Santa’s elves, however, don’t usually come with heroic overtones. We’ve become much more used to them as comic relief in a story, sitting at an assembly line in Santa’s Workshop putting together Christmas toys. Look at Dudley Moore, who helped to define the concept of the comedy elf in our minds when he played Patch in Santa Claus. Or, more recently, Will Ferrell as Buddy, the human raised by elves at the North Pole in Elf. Not exactly handsome or heroic characters, you might think. But in real life, Dudley Moore often described himself as a ‘sex thimble’, in reference to his diminutive stature, and attracted a string of beautiful wives with his looks, wit and charm (and possibly his bank balance). And good-natured Buddy may initially come across as a loser, but he wins the heart of Zooey Deschanel – who, it has to be said, looks pretty saucy in her elf attire. Looking at it in that light, slipping into tights and a tunic doesn’t necessarily mean you’re no longer going to be regarded as a potential bedmate.

Maddie initially manages to overcome her selfconsciousness about dressing as an elf because she reckons she won’t bump into anyone she knows, all her friends having gone home for the holidays. It also helps that she very quickly meeets Tyler, a divorced dad who’s also working at the grotto and who is all man beneath his brightly coloured costume. And when she relaxes, immersing herself in the magic of Christmas, it no longer matters how she’s dressed. She and Tyler make an erotic connection, and soon fate is presenting her with the opportunity to spend the holidays in his loving arms.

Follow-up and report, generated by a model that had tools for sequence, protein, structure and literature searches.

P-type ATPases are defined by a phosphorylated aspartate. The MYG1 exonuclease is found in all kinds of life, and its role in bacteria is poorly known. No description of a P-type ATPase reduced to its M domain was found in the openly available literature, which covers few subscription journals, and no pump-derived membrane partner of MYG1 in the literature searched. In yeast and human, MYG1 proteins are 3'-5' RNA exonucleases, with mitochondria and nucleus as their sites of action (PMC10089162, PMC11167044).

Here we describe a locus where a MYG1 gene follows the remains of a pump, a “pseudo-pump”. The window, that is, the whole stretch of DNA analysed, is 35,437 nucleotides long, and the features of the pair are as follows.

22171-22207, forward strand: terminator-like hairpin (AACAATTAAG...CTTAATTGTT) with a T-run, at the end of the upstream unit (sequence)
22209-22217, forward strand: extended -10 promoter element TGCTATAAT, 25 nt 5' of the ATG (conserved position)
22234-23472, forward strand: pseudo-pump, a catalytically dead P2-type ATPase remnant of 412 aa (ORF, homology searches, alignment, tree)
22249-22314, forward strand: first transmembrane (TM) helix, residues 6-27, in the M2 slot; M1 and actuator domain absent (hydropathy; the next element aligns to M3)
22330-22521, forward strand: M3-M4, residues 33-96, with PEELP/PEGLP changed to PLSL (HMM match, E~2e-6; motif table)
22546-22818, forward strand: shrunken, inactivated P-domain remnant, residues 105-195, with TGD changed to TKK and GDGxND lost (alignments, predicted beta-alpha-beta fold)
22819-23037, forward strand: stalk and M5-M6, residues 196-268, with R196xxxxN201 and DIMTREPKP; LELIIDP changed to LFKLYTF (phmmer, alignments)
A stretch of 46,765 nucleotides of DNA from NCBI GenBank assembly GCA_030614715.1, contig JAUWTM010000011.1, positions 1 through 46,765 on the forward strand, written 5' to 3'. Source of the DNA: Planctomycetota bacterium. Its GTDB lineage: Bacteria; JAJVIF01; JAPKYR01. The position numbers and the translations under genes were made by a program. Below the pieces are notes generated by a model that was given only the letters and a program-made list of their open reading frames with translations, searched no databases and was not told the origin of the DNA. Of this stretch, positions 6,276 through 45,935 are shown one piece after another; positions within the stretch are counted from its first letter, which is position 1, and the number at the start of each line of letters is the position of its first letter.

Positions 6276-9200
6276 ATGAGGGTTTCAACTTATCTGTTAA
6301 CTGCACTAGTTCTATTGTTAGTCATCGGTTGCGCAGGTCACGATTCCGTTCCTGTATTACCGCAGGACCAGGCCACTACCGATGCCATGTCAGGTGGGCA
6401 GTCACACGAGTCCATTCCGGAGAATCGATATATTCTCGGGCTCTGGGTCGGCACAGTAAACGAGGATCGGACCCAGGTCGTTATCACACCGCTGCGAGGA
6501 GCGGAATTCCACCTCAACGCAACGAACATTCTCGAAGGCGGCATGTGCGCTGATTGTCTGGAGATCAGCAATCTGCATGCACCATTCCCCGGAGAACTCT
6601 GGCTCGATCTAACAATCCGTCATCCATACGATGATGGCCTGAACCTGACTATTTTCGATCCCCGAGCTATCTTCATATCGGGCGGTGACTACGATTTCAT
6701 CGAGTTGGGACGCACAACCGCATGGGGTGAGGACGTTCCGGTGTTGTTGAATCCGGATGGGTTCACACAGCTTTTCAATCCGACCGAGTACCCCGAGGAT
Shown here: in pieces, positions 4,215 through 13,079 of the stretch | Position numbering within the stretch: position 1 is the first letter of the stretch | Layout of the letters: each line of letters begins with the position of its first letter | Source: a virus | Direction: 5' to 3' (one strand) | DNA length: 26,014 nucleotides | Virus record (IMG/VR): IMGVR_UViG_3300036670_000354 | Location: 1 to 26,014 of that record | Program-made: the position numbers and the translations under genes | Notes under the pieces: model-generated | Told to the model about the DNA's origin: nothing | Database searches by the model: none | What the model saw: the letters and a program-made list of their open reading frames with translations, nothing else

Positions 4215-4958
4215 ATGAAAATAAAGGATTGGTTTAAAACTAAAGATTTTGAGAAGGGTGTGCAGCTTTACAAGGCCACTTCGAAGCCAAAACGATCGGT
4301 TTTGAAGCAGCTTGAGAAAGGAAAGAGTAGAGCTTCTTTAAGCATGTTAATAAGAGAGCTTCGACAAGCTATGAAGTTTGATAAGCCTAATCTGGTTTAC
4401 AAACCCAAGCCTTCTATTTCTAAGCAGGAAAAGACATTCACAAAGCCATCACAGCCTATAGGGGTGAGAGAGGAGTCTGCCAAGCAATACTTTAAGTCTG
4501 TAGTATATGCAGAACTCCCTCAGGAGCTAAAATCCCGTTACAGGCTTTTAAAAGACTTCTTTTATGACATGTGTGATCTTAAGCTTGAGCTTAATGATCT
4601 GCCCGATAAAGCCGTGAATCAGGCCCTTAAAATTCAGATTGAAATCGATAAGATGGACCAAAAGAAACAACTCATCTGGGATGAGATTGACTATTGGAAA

So while vampires may seem more mysterious, pirates more dashing and Vikings more dominant, don’t overlook the charm of the humble elf. After all, wouldn’t you want to spend time with someone who hands out all the best presents?

Sunday, January 9, 2011

Six line Sunday

In keeping with the trend of Six Line Sunday - here's my six lines from my novel, Double the Trouble.
Kate Wesley is working in her new florist shop. Her first customer, Emma, a bride, left a short time before and left her car keys. Kate ran after her when she discovered them, but Emma was gone.

“Where’s Emma?” The tall, blond, muscular man yelled, before Kate had a chance to ask if she could help him.


Kate didn’t like his tone or the deep scowl that caused his eyebrows to almost meet above his icy blue eyes. “Excuse me.” Who did he think he was stomping in here like this? She took a step toward him.

Thursday, January 6, 2011

Welcome, Lindsay Below

Fairytales enchant the mind as they are read or told. They promise a sense of magic, of adventure, and of satisfaction when the hero wins the day. In the romance genre, the fairytale structure is especially coveted, for when it comes to romance, who doesn’t want to read of a happily ever after?